Absolute and Relative Cell Reference

Excel accepts cell references in what are called absolute and relative ranges.

Absolute ranges have a $ character before the column portion of the reference and/or the row portion of the reference.

Relative ranges do not use the $ character. The $ character indicates to Excel that it should not increment the column and/or row reference as you fill a range with a formula or as you copy a range.

Example
A1 is a relative range
$A$1 is an absolute range.
If you enter =A1 in a cell and then fill that cell down a column the ‘1’ in the reference will increment in each row. Thus the formula in row 50 would be =A50.
However if you enter =$A$1 in a cell and fill down, the range reference will remain $A$1 — it will not increment as you fill or copy down a column.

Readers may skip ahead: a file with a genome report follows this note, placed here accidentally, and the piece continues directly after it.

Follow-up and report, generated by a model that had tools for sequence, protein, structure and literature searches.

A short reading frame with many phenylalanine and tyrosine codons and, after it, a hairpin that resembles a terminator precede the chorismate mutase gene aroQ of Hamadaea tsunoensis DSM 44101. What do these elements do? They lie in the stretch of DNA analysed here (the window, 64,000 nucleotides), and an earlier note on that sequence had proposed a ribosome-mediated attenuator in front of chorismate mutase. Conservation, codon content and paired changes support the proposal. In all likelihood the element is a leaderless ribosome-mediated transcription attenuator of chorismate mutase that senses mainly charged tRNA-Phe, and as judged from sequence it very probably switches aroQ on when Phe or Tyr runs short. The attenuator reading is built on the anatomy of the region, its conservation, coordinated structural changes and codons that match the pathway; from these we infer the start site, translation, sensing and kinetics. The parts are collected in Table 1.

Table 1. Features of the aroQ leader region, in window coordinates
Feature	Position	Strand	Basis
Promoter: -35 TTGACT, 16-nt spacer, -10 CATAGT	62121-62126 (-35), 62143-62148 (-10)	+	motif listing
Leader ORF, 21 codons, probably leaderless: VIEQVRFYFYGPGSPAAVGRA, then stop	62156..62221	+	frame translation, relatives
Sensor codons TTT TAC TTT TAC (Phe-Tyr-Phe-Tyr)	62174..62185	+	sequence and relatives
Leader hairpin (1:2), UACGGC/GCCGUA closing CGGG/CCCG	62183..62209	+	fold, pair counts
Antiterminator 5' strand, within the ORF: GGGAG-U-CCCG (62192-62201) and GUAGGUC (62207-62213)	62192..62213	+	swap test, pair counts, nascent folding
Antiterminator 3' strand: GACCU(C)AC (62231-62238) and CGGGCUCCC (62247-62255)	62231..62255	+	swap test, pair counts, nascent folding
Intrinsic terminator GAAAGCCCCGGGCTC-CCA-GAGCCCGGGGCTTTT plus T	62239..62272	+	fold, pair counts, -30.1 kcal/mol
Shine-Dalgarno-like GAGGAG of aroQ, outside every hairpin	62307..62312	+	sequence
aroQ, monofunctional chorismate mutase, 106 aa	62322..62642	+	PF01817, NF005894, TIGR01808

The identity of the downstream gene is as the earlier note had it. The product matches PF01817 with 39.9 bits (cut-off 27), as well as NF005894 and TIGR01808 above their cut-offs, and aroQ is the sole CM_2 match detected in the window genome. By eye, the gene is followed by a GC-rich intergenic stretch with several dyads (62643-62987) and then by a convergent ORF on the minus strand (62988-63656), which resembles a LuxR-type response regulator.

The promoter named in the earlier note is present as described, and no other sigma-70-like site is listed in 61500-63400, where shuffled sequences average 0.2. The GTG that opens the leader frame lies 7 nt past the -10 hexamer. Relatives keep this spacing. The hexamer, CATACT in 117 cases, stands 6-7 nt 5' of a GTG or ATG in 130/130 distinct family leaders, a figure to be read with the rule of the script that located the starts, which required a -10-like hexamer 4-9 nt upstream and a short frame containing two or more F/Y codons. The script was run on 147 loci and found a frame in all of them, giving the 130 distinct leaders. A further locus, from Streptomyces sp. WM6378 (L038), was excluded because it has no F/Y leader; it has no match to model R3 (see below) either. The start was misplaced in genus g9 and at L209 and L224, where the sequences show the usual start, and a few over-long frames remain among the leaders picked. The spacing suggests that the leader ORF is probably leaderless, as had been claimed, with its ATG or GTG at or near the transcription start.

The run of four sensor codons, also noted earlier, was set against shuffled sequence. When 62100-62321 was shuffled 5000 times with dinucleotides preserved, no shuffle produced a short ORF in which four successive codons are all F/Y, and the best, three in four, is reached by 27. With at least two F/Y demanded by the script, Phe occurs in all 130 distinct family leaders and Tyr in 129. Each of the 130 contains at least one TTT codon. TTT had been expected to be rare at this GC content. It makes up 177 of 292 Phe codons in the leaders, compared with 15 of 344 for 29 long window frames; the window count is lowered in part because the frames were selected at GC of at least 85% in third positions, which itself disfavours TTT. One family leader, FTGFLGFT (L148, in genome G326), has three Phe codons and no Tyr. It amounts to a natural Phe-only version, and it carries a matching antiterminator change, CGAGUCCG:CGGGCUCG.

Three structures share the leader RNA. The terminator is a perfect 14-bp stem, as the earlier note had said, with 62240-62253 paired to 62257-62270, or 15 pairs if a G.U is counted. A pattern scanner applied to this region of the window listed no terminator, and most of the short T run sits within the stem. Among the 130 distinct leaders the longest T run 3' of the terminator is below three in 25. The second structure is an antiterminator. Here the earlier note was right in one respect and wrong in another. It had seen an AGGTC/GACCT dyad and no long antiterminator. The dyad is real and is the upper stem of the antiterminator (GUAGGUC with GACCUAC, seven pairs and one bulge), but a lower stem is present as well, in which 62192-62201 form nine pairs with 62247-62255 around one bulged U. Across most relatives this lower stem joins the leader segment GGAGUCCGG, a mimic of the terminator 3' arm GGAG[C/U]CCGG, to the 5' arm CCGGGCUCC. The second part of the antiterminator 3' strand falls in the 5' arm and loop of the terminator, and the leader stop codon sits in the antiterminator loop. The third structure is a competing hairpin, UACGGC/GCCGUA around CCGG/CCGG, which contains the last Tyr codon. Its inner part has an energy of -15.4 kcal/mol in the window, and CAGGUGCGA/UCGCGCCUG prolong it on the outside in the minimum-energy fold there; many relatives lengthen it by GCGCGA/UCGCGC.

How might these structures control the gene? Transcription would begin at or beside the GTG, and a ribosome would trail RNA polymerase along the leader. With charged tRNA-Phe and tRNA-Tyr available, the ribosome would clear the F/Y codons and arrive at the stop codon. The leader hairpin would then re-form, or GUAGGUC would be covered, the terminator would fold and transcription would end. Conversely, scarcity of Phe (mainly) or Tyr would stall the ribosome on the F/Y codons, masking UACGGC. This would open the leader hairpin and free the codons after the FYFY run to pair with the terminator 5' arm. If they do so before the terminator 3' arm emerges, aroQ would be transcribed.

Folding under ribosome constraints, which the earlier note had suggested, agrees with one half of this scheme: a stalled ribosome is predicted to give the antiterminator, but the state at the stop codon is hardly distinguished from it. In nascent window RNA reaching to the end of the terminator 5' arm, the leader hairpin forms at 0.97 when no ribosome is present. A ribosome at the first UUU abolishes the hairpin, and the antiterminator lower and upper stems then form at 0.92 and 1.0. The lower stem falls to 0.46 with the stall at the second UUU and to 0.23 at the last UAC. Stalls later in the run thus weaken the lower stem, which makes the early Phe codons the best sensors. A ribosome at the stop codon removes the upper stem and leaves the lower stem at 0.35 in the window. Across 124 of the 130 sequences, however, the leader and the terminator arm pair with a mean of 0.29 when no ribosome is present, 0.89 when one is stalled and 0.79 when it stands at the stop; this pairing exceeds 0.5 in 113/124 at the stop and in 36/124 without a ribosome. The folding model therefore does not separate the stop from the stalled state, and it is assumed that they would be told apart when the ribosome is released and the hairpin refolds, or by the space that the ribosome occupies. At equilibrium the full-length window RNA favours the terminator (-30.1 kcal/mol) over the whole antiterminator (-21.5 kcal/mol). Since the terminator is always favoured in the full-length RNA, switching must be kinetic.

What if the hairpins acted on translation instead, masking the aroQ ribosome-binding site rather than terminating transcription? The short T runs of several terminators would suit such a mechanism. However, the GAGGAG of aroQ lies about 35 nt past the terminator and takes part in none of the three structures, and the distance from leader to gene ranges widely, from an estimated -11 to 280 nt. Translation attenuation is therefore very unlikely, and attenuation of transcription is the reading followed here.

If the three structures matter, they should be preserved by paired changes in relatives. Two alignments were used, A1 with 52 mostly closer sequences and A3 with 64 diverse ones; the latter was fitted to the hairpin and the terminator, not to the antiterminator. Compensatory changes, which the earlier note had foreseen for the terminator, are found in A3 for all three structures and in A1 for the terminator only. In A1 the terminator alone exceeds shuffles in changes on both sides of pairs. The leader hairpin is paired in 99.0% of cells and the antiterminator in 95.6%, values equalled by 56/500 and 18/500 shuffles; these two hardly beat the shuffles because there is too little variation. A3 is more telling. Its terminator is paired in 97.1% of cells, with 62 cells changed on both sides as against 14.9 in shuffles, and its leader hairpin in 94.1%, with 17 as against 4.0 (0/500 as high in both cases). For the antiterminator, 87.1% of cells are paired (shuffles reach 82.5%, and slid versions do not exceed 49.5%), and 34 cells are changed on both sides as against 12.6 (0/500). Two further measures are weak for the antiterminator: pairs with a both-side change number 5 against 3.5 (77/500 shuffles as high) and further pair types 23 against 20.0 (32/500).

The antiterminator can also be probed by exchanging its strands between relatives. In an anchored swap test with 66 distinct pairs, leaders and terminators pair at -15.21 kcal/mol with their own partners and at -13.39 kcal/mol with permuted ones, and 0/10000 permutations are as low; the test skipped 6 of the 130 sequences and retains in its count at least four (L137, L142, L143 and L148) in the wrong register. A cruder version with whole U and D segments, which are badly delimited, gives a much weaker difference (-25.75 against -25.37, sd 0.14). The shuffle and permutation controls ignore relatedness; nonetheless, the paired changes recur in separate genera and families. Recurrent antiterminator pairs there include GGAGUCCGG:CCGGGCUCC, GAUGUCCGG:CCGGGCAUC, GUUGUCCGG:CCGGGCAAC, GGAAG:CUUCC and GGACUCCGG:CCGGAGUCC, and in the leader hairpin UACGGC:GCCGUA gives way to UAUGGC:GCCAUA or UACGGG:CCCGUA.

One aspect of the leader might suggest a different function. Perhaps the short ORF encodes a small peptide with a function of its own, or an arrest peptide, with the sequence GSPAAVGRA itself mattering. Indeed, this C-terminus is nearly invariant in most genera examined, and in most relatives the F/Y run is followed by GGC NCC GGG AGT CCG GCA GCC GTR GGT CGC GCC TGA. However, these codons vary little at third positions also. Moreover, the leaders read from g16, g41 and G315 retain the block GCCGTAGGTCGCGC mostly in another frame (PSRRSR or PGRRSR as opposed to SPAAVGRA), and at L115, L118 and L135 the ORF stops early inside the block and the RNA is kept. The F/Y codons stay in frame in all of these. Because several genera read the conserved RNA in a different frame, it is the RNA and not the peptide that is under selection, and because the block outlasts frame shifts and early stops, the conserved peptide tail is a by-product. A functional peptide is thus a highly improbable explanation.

There are three absolute styles:

$A$1 Both the column and row reference are fixed. Neither will be incremented or changed during a copy or fill operation.
$A1 Only the column reference is fixed. It will not change during a fill or copy, but the row will change.
A$1 Only the row reference is fixed. It will not change during a fill or copy, but the column will change.

If you select all or part of a formula in the formula you can press F4 to cycle range reference between the 4 styles (1 relative and 3 absolute).




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